from The American Heritage® Dictionary of the English Language, 5th Edition.

  • noun A Scottish dish consisting of a mixture of the minced heart, lungs, and liver of a sheep or calf mixed with suet, onions, oatmeal, and seasonings and boiled in the stomach of the slaughtered animal.

from The Century Dictionary.

  • noun A dish made of a sheep's heart, lungs, and liver, minced with suet, onions, oatmeal, salt, and pepper, and boiled in a bag, usually the stomach of a sheep.
  • noun A sheep's head and pluck minced.

from the GNU version of the Collaborative International Dictionary of English.

  • noun A Scotch pudding made of the heart, liver, lights, etc., of a sheep or lamb, minced with suet, onions, oatmeal, etc., highly seasoned, and boiled in the stomach of the same animal; minced head and pluck.

from Wiktionary, Creative Commons Attribution/Share-Alike License.

  • noun a traditional Scottish dish made from minced offal and oatmeal etc, boiled in the stomach of a sheep etc; traditionally served with neeps and tatties and accompanied with whisky.

from WordNet 3.0 Copyright 2006 by Princeton University. All rights reserved.

  • noun made of sheep's or calf's viscera minced with oatmeal and suet and onions and boiled in the animal's stomach


from The American Heritage® Dictionary of the English Language, 4th Edition

[Middle English hagese; perhaps akin to haggen, to chop; see haggle.]


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  • Great chieftain o' the pudding-race!

    February 13, 2007

  • I'll see your haggis and raise you a black pudding!

    October 25, 2008

  • Love a's pronunciation! Almost makes it sound edible!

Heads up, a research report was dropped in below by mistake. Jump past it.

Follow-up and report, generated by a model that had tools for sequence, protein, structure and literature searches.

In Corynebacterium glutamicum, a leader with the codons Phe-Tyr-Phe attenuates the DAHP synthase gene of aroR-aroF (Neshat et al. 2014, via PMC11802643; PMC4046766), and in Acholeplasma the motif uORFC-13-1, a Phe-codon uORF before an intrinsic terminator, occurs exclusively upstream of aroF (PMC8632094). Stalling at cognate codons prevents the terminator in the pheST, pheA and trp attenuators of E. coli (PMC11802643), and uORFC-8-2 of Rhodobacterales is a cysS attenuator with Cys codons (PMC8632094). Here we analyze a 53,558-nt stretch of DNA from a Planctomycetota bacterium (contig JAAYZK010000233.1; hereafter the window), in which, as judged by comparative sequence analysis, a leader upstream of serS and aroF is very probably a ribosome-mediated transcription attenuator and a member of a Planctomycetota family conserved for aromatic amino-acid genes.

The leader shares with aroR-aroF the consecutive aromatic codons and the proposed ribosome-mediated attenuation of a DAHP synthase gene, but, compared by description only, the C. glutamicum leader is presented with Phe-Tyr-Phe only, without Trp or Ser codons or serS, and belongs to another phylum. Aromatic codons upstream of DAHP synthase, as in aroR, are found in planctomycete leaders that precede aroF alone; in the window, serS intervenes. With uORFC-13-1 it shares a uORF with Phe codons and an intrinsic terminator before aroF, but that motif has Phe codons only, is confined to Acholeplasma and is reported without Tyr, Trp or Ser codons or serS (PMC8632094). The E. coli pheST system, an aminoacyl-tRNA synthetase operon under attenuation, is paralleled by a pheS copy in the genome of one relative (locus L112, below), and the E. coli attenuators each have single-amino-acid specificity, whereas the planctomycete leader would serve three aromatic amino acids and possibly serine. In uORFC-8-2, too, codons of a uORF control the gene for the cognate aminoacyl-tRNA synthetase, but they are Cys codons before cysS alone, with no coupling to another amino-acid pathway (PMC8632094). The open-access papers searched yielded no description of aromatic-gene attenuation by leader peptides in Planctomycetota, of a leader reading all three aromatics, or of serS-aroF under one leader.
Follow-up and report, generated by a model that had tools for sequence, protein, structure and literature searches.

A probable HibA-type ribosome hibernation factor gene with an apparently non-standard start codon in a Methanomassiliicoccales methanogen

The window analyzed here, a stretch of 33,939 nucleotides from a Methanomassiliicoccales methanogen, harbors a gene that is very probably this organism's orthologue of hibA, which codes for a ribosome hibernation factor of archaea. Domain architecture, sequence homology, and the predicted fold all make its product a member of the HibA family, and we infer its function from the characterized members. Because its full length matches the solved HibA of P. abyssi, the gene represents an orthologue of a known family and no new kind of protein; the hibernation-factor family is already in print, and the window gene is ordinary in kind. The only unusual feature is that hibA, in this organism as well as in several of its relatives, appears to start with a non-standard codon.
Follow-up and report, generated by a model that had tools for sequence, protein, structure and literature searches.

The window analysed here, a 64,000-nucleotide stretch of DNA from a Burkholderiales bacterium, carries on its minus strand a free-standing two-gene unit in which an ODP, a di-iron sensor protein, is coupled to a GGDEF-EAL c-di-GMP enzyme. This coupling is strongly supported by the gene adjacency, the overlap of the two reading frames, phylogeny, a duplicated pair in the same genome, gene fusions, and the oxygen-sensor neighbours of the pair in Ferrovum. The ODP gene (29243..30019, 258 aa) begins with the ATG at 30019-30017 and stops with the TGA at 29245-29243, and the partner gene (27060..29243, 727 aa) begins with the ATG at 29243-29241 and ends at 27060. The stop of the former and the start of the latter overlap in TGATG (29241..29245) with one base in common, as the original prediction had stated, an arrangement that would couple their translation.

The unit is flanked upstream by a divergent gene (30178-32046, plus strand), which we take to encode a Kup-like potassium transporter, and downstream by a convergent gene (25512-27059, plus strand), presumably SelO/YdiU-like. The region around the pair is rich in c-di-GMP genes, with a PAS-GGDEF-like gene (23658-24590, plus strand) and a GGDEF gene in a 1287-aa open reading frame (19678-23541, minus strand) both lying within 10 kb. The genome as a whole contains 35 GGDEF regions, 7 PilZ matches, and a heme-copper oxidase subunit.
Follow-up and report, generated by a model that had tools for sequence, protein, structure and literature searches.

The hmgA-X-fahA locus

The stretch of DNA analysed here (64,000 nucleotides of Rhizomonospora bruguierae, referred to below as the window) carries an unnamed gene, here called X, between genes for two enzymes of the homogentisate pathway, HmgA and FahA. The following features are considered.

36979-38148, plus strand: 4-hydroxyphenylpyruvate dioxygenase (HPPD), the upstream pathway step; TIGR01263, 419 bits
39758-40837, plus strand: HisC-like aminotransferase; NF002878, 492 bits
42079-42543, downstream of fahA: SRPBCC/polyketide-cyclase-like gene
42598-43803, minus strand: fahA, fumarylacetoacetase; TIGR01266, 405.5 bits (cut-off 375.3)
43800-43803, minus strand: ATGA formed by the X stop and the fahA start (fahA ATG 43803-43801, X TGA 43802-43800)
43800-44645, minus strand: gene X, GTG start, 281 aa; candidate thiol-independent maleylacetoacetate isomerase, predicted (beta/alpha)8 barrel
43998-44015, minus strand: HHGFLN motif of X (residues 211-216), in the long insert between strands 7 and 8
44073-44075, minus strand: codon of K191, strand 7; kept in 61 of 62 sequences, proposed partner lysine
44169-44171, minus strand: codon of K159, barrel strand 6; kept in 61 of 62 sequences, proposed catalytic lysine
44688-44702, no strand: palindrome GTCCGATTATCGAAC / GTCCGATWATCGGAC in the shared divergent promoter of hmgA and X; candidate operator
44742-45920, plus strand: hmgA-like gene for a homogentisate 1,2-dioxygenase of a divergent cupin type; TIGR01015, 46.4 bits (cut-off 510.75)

December 2, 2009

  • Really? I think it just sounds jarring. It nearly blew me out of my seat.


    I've eaten haggis and it was actually pretty good. I think it was probably some horribly processed Americanized haggis, though—if such a thing even exists—and would not be surprised to try it in Scotland someday and find out it doesn't taste at all like the kind I had.

    December 2, 2009

  • The vegetarian haggis is excellent.

    December 2, 2009

  • Can only be the word that causes the jocularity, for the dish itself is scrumptious, esp. with tatties'n'neaps. Och, and an 80/- ale, or a malt.

    December 3, 2009

  • Haha! I like that pronunciation too. Although I did eat haggis once (in Scotland), I still wouldn't get near it again if you paid me.

    December 3, 2009

  • bilby: :-)

    December 3, 2009

  • "It sometimes happens that the bladder bursts during cooking and spills out it contents. To avoid this, wrap the haggis in a napkin, as if it were a galantine, before putting it into boiling water." - from Alfred Suzanne's recipe for haggis in his book La Cuisine Anglaise

    June 26, 2010

  • See Vegetarian Haggis.

    September 15, 2010

  • Usage/historical note can be found on spices but since that has so many comments, I'll just put it here too for convenience:

    "Spices hung on in isolated pockets, but they were not what they had once been. Today the astute culinary archaeologist can still find such relics as spiced bread in Devon, and further north there is a plethora of richly spiced puddings--Scotland's national dish, the spicy haggis, is essentially a medieval pudding. Scandinavia and the Baltic have preserved several remnants of medieval cooking, largely in biscuits, breads, cakes, and liqueurs...."

    --Jack Turner, _Spice: The History of a Temptation_ (NY: Alfred A. Knopf, 2004), 303

    December 6, 2016